The longer it has been from the year you graduated medical school, the less your chances of getting a US surgical residency especially if you have no recent clinical experience. Also, pay attention to the answer to the question about observerships in the FAQ post I linked to.

    Good luck.

    The unknown variable is what the Trump administration will do about visas. I know citizens of Nepal are not currently a banned from entry but who knows about the future.

  7. Hi Sir,
    I am a final year medical student from India, I just received by step 1 score which was a 264, I plan on doing the step 2 soon and hope to do better. I am probably going to do a total of 4 electives in general surgery and 1 in neurosurgery, and applying for general surgery residency. I have worked extensively in Neurosurgery for a year (while in medical school) and have been appreciated by the Chair of the department, for my work ethic, knowledge base and surgical presence of mind. While there I have assisted on decompressive craniotomies and performed tracheostomies independently along with other basic procedures. I have also accumulated significant experience in other fields of surgery by scrubbing in for everything i could. I am very driven and I really love the art of surgery.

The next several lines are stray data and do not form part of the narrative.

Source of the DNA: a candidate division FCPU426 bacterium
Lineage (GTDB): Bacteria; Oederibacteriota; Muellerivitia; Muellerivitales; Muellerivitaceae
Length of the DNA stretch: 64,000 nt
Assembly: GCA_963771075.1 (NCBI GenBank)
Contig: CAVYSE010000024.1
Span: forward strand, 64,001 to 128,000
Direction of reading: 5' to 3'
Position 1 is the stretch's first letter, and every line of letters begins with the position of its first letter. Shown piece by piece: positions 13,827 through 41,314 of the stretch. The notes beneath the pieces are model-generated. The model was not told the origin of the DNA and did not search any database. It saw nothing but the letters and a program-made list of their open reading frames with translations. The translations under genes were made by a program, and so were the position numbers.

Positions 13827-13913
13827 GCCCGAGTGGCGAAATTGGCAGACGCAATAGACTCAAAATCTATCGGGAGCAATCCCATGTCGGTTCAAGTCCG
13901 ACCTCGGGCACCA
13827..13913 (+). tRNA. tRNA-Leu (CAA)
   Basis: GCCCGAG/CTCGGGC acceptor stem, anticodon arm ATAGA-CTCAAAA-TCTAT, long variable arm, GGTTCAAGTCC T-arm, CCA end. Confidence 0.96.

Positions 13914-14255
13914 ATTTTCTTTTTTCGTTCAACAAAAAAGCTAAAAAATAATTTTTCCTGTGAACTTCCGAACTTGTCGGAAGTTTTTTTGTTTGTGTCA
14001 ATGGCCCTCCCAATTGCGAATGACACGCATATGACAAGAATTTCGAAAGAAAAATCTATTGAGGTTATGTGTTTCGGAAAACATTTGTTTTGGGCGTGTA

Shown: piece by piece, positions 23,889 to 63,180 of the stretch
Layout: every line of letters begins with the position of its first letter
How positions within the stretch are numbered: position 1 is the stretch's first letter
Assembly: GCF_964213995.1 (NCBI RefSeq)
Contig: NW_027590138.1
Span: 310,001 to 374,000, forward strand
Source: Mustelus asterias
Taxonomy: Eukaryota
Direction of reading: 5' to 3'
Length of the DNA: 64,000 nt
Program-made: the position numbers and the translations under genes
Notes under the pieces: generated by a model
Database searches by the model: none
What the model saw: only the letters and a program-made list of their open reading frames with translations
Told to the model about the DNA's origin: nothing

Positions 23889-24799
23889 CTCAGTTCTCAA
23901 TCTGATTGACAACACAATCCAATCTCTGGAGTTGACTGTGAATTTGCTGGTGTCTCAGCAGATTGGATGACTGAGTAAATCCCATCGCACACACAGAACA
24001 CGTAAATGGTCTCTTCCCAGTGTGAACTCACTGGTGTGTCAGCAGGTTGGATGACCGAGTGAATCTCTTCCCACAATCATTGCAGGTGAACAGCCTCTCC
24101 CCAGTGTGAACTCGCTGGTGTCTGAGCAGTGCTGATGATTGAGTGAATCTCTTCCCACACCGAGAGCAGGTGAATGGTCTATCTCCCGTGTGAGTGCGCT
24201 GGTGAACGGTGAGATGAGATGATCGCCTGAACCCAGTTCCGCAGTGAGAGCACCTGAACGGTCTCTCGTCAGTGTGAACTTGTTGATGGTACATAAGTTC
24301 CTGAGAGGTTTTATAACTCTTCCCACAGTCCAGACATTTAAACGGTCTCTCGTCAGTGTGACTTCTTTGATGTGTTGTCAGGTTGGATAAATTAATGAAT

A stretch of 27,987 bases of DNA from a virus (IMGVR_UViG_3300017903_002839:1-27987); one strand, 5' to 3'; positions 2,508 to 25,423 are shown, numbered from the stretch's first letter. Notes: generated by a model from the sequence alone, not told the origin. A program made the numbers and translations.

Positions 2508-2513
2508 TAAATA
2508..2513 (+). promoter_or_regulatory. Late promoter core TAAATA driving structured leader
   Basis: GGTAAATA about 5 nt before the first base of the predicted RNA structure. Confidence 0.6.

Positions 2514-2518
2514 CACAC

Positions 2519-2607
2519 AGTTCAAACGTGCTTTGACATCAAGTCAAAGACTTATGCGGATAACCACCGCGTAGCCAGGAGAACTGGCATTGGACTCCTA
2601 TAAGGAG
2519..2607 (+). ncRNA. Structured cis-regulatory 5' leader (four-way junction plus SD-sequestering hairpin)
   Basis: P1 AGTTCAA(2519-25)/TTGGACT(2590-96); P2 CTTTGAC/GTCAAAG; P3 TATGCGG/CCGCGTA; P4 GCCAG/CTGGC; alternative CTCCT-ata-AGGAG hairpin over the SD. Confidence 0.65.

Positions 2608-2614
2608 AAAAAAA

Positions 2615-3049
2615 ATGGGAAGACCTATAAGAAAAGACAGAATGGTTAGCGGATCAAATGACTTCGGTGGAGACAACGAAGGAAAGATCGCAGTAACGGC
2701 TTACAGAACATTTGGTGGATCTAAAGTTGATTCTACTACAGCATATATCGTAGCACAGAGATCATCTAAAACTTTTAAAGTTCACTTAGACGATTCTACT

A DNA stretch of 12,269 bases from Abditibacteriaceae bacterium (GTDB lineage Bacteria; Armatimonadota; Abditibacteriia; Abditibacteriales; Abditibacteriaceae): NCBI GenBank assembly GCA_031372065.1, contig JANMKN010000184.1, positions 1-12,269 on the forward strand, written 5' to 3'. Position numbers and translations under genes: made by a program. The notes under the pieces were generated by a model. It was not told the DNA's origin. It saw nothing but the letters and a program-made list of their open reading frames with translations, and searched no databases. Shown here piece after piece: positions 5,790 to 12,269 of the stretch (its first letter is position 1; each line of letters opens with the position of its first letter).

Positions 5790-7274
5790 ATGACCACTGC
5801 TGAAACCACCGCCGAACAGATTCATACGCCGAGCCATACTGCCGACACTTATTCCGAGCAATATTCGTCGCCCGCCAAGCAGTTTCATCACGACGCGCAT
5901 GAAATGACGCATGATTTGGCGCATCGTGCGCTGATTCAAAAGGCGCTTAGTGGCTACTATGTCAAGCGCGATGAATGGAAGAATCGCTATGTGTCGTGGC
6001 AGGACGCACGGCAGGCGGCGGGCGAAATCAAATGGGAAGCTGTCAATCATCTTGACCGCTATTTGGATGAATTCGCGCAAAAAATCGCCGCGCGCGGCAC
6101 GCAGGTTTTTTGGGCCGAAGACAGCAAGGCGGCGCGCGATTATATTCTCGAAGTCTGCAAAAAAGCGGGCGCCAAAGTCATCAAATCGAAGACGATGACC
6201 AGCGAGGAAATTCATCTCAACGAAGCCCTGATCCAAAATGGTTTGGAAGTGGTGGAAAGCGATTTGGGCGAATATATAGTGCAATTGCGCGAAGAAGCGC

My concern is my lack of research experience, which I plan on improving significantly by the time I have to match. I am petrified of matching into a prelim position because many say that it is a dead end and the chances of matching into a categorical position are slim at best, is this true? What are my chances on a categorical program? How should I go about becoming a perfect candidate? What are my options if I don't match into a categorical program after 1 or 2 years of prelim?